Great update on the trip, It's a wonderful city. The rail service reminds me of Portland, Oregon's. A very nice, clean and efficient system. You are right in that things are changing for the better for kids with Autism disorders. I have a very dear longtime friend here in Pensacola, who works with kids with a number of different issues, including several who were mis-diagnosed with ADHD and now are correctly receiving help for the Aspergers they have had all along. I gave her a copy of your book, and she was absolutely thrilled. She told me that thankfully kids are slipping through the cracks less and less now that the issue of Aspergers is on the forefront. And she too can see the difference in the look, she saw it in me years ago, but never knew what it was. She is so happy that books like yours are out there now to not only teach, but also inspire. Me thinks that sales in the Pensacola area will be increasing. Can't wait for the release of your next book. Woof.

Anniem said...

I was so dissappointed that I was out of town on a business trip and couldn't attend the luncheon at Sewell. We are the grandparents raising a child with Asperger's so I inisted that "grandpa" attend. He just could say enough about how much he enjoyed your presentation and having the opportunity to meet you. We have learned more from you and your writing than we ever did through the medical and therapy folks over the years. The hardest and most heartbreaking thing about Andrew is his strong desires to have friends and not be labeled as disabled. The friends, after 13years still haven't shown up (they just can't keep up with his comments, hoping and flaping) but he is now (thanks to the teachers in Colorado's Jefferson County school district) able to function fairly normally in regular middle school classes. We just pray that he will develop into a fine happy man as you appear to have done. We can't wait to read the books you are working on.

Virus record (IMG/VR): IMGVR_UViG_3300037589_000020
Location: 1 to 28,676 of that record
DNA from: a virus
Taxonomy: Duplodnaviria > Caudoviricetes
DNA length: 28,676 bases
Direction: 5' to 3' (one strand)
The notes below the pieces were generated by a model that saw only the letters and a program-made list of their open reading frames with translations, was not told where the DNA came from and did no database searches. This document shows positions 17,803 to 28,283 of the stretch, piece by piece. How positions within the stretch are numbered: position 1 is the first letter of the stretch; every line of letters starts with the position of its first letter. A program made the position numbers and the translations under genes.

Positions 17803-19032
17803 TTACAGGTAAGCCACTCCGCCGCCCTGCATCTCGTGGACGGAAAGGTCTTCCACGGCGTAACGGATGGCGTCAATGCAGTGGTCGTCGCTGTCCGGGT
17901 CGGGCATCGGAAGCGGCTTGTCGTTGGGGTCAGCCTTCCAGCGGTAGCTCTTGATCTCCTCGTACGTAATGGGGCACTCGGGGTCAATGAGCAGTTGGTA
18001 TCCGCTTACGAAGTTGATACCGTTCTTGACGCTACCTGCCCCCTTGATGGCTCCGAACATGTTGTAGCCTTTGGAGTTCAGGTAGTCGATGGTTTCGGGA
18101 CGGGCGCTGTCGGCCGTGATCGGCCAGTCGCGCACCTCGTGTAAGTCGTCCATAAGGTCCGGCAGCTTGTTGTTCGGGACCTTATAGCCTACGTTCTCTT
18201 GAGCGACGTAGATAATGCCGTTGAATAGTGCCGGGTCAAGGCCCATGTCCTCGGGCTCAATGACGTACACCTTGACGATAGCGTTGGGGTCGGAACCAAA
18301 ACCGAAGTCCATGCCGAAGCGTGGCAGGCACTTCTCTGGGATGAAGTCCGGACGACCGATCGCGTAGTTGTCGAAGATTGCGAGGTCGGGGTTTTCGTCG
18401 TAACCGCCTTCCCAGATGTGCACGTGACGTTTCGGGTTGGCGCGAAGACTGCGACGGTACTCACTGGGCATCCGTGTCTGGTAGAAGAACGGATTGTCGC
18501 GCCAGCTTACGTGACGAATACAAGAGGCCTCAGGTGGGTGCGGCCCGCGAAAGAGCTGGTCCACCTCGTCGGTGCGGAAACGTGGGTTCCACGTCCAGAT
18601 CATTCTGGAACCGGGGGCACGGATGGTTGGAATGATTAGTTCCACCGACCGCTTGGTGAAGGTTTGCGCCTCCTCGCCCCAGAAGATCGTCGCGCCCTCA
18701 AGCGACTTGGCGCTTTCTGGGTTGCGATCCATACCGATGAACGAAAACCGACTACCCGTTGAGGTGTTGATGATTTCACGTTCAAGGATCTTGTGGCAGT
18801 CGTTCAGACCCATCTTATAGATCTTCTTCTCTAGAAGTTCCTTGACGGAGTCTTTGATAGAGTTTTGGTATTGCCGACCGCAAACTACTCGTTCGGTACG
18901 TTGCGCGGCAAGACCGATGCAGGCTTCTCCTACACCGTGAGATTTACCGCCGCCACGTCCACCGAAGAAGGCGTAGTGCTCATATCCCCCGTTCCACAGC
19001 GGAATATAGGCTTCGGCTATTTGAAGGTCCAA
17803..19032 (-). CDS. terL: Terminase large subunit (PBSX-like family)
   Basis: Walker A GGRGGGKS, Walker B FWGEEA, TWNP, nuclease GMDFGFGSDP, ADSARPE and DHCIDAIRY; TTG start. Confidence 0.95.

P.S. The "colony" of street people you were expecting under the train bridges reside under the Arkansas River bridge.

Jerry La Pre said...

John,
As a UMASS graduate (1974) and a teacher, I enjoyed your book very much. I'm sorry you had such a hard time as a student. Most teachers are very kind and compassionate and will bend over backwards to help all students. I had one autistic student and one with Asperger's Syndrome. They were both very intelligent boys, but very different from one another. The autistic boy was very verbal and a big hit with his classmates because of his sense of humor. The other boy was very shy and introspective. I only hope I was of some help to them.
Jerry La Pre
P.S. I live near Denver. Sorry I missed you recently. I also attende UMASS when Julius Erving played hoops there. Unfortunately, I never got to see him play until his last year as a pro. He changed the way the game is played.

Mrs. Bartlett said...

Hi John - I enjoyed the tale of your day. If you like those cow sculptures, you might enjoy a video of our cows going out to pasture for the first time this year (I have the Aspergian farmer husband). It is the second video on my blog that you have visited before:
lovingthetasmaniandevil.wordpress.com

Mrs. Bartlett said...

John - I enjoyed the story of your trip thus far. If you like those cow sculptures, you would enjoy the video of our cows going out to pasture for the first time this year (I have the Aspergian farmer husband) It is the second video on my blog, which you have visited before:
lovingthetasmaniandevil.wordpress.com
Enjoy the rest of your trip.